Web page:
Univariate time series consists of an ordered set of observations where each one is recorded at a particular point in time. Multivariate time series, on the other hand, consist of an ordered set of k-dimensional vectors, each one recorded at a particular point in time. Given that for the purpose of detecting data breaches, the events representing access to sensitive data should be described by a number of different variables, in this article we will consider methods that can be implemented in a multivariate time series. 

In the case of point outlier detection, the techniques described below have proven successful in approaching this issue:

  • Kieu et al. (2018) have suggested a two-module approach. First, the multivariate time series is enriched by adding statistical features to the raw data in order to further capture the extent of changes of the derived features across time. Then, the enriched data is fitted into a deep neural network based autoencoder in which the most representative features are established through dimensionality reduction. Datapoints that deviate from the established representative features can be seen as outliers.
  • Su et al. (2019) have suggested a more complex method which consists of a combination of Gated Recurrent Unit (GRU) to capture the temporal dependencies between multivariate observations and Variations Autoencoders (VAE) to map observations to random variables. This model has the advantage of providing interpretability of the results as the reconstruction probabilities given in the model output can be used to determine anomalies.

In the case of subsequent outlier detection, other methods have been developed in order to handle this issue:

  • Cheng et al. (2008, 2009) use the Radical Basis Function to compute the similarity between multivariate points of the series, which are then represented through a graph.
  • Jones et al. (2014) created a method that, first, selects a set of observations that are representative of each dimension, and then uses nonlinear functions to find pairs of related features. These pairs then make  the estimation of the values for each feature by taking into account the values from another feature. A new time series is then created from these estimations where sub-sequences from one variable are built through the learned functions and data from another variable.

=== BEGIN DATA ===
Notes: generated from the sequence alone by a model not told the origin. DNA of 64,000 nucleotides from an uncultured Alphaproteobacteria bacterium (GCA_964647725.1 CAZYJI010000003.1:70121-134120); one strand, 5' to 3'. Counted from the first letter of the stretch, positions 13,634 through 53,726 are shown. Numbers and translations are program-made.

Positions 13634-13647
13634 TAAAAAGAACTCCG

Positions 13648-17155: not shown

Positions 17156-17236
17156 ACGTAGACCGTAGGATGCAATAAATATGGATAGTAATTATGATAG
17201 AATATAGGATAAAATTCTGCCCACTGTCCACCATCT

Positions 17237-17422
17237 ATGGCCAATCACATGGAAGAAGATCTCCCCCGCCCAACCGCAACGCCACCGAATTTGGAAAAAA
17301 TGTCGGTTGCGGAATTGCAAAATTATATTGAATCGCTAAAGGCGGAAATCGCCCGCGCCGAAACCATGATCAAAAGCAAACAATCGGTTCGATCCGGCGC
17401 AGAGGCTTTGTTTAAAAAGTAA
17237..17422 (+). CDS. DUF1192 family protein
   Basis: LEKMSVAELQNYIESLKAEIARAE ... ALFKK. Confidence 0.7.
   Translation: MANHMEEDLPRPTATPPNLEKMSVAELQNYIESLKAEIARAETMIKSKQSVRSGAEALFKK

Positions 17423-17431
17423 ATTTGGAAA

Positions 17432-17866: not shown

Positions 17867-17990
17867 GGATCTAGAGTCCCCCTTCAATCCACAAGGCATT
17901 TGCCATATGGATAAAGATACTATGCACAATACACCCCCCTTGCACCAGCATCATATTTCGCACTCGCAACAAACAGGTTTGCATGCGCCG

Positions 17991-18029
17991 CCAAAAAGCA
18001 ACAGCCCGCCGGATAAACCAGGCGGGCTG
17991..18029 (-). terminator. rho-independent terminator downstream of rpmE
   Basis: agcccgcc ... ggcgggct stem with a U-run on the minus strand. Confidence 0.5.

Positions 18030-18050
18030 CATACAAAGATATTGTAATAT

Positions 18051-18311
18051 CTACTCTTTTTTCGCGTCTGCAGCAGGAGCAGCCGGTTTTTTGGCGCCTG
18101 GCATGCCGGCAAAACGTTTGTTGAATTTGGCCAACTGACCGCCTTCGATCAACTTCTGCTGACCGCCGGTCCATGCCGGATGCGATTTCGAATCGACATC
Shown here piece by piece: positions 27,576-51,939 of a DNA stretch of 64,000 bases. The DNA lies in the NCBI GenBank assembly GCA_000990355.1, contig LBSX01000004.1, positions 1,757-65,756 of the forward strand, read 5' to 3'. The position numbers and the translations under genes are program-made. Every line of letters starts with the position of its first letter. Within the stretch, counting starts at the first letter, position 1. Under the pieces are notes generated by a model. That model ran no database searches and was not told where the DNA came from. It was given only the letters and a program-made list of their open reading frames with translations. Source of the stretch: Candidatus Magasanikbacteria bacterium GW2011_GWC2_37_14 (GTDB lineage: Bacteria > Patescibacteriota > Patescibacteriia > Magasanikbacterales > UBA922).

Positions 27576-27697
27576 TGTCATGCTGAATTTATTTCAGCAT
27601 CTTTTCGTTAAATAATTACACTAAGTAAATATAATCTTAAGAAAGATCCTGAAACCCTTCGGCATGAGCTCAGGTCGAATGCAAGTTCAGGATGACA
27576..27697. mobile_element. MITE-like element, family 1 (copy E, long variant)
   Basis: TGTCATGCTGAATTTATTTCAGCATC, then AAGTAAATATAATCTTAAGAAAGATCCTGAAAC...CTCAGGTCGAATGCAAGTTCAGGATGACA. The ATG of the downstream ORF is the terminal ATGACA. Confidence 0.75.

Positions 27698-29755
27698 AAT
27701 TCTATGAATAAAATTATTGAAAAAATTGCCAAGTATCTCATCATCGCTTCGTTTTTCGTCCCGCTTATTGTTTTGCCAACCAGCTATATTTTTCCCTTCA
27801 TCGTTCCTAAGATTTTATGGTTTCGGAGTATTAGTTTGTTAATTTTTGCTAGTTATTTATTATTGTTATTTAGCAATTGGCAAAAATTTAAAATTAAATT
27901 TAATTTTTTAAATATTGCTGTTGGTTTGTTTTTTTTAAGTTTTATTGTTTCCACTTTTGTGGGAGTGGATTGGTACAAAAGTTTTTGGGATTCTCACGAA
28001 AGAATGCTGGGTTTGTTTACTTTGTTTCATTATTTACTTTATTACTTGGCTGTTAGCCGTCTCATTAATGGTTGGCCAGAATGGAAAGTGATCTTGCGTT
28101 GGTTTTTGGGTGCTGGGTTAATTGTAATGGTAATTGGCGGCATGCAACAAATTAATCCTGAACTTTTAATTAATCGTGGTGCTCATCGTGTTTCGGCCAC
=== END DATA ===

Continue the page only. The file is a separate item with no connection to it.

• Munir et al. (2019) developed a method that consists of two steps. First, they build a time series predictor based on Convolutional Neural Networks (CNN) that is used in order to predict new entire subsequences. Then, an anomaly detector based on the Euclidean distance between the actual and predicted values for each variable is used to detect outliers, once that distance surpasses a defined threshold.

In conclusion, this article goes through some anomaly detection methods for time series data that, due to their characteristics, should be helpful in the detection of data breaches. It is important to stress that the demonstration of success of these particular algorithms depends on a number of factors such as the characteristics of the dataset, the parameters chosen, the indicators used to evaluate the method and so on. Therefore, they may not be applicable to every case, being of utmost importance to adapt the chosen methods to the reality of each Organisation.